Using OAuth 2 authorization with Watershed

Watershed supports using both Basic HTTP or OAuth for authorizing xAPI activity providers, importing statements from another LRS and making API requests. This guide explains how to implement and this authorization method.

 Please note: Watershed only supports OAuth 2.0 Client Credentials Grant, otherwise known as OAuth 2 Two Legged auth flow as described in the OAuth 2 specification

Activity providers and OAuth

Start by configuring a new Activity Provider in Watershed. Don't forget to give the Activity Provider a memorable name like. Adding an Activity Provider will give you credentials to use for basic authentication, an endpoint url, key and secret which will look something like:

Key 30db41b72cbffb
Secret eb510b89c18441

OAuth and Tenant Server URLs

The OAuth and Tenant Server URLs are both based on the start of the Watershed Endpoint but have slightly different endings.  

If your Watershed Endpoint is

then your OAuth Server URL removes the 'lrs' and adds 'oauth2/token' to become

and your Tenant Server URL adds 'statements' to become

Client ID and Secret

The OAuth Client ID and Client Secret are just the Key and Secret from the activity provider, with the Key being the Client ID and the Secret being the Client Secret.

Final configuration

Based on the example activity provider above the full OAuth credentials for the Activity Provider would be:

OAuth Server URL
Tenant Server URL
Client ID 30db41b72cbffb
Client Secret eb510b89c18441

Inbound LRS data and OAuth

Go to the Data page. In the menu on the left, click xAPI Data Sources. Inbound LRS Data is the 2nd section down: 

  1. Go to the Inbound Data section and click the and the Add Inbound Data Source button:Screenshot_2020-02-17_at_12_39_50_arrow.png
  2. Using data from the outside LRS, fill out the fields. Different LRSs call these different things:
    • Name: Name this something that will help you remember what it is.
    • Endpoint: Paste in the endpoint URL from the LRS that you’d like to pull statements from.
    • Key: Paste in the key, username or client ID from the LRS that you’d like to pull statements from. Please note: this is probably not the username you use to log in to the LRS.
    • Secret: Paste in the secret, password, or client secret from the LRS that you’d like to pull statements from. Please note: this is probably not the password you use to log in to the LRS.
    • OAuth: Paste in the URL of the Oauth token provider of the LRS you are connecting to. 
    • Last timestamp: select a timestamp that you want to pull statements after that time. 
  3. Click the Save button. All old statements from the other LRS should show up in your Data Search and so should any future statements made in the other LRS. If you don’t see any imported statements within 15 minutes, you should check your configuration and make sure everything was entered correctly.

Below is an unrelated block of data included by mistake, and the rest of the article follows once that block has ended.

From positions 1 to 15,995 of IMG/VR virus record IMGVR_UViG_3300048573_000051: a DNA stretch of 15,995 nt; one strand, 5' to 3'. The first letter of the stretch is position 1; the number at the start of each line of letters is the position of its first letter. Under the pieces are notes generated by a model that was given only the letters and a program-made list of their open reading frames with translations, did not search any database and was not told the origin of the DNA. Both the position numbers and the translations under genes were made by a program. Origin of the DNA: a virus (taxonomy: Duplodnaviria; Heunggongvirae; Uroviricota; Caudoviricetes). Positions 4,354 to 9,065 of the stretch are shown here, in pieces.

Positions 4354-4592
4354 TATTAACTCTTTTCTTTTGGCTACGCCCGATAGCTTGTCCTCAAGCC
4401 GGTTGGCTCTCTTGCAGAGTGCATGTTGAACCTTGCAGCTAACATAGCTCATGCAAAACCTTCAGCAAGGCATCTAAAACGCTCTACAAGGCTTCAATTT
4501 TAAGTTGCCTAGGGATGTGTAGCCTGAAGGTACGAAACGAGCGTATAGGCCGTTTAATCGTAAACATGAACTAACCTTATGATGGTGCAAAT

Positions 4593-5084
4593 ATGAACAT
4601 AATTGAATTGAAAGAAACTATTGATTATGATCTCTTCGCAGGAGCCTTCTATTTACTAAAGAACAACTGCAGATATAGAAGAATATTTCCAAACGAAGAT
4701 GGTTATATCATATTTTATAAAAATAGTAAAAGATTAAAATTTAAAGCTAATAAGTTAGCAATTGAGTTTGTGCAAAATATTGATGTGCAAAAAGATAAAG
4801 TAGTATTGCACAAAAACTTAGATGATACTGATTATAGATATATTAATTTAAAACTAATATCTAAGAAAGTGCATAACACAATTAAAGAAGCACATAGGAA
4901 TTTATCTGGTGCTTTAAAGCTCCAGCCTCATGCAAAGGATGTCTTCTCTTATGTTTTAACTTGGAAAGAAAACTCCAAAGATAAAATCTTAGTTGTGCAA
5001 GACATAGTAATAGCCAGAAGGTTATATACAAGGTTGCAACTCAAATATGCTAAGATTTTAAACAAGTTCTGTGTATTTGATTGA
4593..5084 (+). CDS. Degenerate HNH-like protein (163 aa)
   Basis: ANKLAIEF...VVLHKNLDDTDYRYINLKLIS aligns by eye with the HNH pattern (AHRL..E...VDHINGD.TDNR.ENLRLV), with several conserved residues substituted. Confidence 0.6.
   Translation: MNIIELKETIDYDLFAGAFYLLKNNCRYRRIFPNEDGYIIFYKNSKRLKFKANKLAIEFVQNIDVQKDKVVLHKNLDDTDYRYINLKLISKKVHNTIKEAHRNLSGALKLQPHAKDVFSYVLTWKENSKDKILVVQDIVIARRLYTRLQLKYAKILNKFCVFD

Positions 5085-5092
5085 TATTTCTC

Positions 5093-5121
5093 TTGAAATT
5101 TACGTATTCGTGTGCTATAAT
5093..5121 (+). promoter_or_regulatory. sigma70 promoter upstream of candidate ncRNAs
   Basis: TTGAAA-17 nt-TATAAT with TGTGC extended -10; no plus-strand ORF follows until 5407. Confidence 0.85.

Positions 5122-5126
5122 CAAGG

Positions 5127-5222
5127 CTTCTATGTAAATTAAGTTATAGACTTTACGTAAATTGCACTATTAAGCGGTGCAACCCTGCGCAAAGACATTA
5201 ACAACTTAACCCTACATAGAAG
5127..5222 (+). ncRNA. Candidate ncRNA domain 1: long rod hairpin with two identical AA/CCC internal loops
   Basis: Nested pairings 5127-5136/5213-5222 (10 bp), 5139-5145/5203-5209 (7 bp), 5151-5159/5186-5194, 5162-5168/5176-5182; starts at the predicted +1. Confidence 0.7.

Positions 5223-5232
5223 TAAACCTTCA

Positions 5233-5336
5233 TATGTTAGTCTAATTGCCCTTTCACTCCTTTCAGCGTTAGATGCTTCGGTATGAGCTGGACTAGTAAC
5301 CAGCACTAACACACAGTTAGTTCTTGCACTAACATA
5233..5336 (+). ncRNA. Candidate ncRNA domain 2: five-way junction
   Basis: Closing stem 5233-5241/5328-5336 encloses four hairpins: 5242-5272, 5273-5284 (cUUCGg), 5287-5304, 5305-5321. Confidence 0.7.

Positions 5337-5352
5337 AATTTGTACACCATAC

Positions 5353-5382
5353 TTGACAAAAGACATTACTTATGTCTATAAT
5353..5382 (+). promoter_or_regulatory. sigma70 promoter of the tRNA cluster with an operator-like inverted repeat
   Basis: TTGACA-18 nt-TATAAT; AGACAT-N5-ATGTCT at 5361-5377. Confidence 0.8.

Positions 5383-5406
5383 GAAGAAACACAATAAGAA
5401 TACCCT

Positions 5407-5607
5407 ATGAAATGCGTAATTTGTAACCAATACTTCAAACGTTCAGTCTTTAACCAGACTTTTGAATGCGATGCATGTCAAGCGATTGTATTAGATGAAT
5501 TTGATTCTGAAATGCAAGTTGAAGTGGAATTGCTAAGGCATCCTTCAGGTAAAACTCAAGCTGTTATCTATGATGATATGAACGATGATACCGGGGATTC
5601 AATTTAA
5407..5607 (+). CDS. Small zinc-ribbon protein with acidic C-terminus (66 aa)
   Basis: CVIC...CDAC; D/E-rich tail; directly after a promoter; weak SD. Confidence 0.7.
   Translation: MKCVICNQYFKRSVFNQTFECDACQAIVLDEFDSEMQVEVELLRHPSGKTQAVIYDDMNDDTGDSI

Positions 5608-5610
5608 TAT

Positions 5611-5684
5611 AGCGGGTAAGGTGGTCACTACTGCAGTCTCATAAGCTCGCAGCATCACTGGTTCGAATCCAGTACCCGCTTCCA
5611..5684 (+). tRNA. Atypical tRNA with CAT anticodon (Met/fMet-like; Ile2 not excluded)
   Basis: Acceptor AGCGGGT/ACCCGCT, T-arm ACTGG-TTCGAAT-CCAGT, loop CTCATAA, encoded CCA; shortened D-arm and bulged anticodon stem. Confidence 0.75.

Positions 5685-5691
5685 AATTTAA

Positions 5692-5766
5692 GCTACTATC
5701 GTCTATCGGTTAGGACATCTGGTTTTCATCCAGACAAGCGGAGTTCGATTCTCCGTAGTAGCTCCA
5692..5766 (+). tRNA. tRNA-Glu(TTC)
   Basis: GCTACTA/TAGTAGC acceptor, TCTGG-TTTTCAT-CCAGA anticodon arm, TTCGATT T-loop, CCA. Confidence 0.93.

Authorizing Watershed API requests with OAuth

This section describes how to utilise OAuth when making a Watershed API request, or when configuring a custom application or activity provider.

Client Credentials Grant

To use OAuth 2.0 authentication, the application sending xAPI data to Watershed first requests a time and scope limited bearer access token, and then uses that bearer access token to authenticate with Watershed's xAPI (and API) endpoints.

Request URL: /api/organizations/[org-id]/oauth2/token
Method: POST
Expected response code: 200 OK

Request headers




The content type for this request is application/x-www-form-urlencoded.

Please note: Authorization and X-Experience-API-Version headers are not used with this request.

Request Form Fields

The following form fields are used:





The grant type parameter should always have a value of client_credentials.



The activity provider key.



The activity provider secret.



Comma separated list of scopes e.g. xapi:read, xapi:write,xapi:all,wsapi:all. See below for an explanation of scopes. If not specified, defaults to whatever scopes have been granted to the activity provider credentials passed in the client_id and client_secret parameters.



Number of seconds after which the bearer access token will expire. Defaults to 1 hour (3600 seconds). 


Please note: the expire_seconds field is not part of the OAuth 2.0 specification, but is an additional property supported by Watershed so that clients can specify the expiry time.


A successful response will return 200 OK and a JSON object with the following properties:




The token to use for authorization when making xAPI requests. 


This will always be bearer.


Number of seconds after which the bearer access token will expire.


The following scopes are supported:




Permitted to make GET and HEAD requests to xAPI endpoints that support these methods.  


Permitted to make PUT, POST and DELETE requests to xAPI endpoints that support these methods.


Permitted to make any xAPI request. 


Permitted to make requests to Watershed's API as a global admin user.

Please note: Activity Provider credentials cannot be used to create bearer access tokens with greater permission scope than they are granted. Requests for tokens will not fail in this scenario, but the resulting bearer access token will be restricted to the permissions of the Activity Provider credentials used to create it.

Using Bearer Access Tokens in xAPI Requests

 The bearer access token returned by the client credentials grant request can be used to authorize xAPI (and Watershed API) requests. For these requests, the authorization header should take the format:

Authorization: Bearer <access_token>

For example:

Authorization: Bearer ap_session_YXBfc2Vzc2lvbl9mMDhiOWEyNDAzYWI6ZDBlOWUxMTkxZTM5

Please note: Once the access token expires, it cannot be used for authentication and a new token must be requested.

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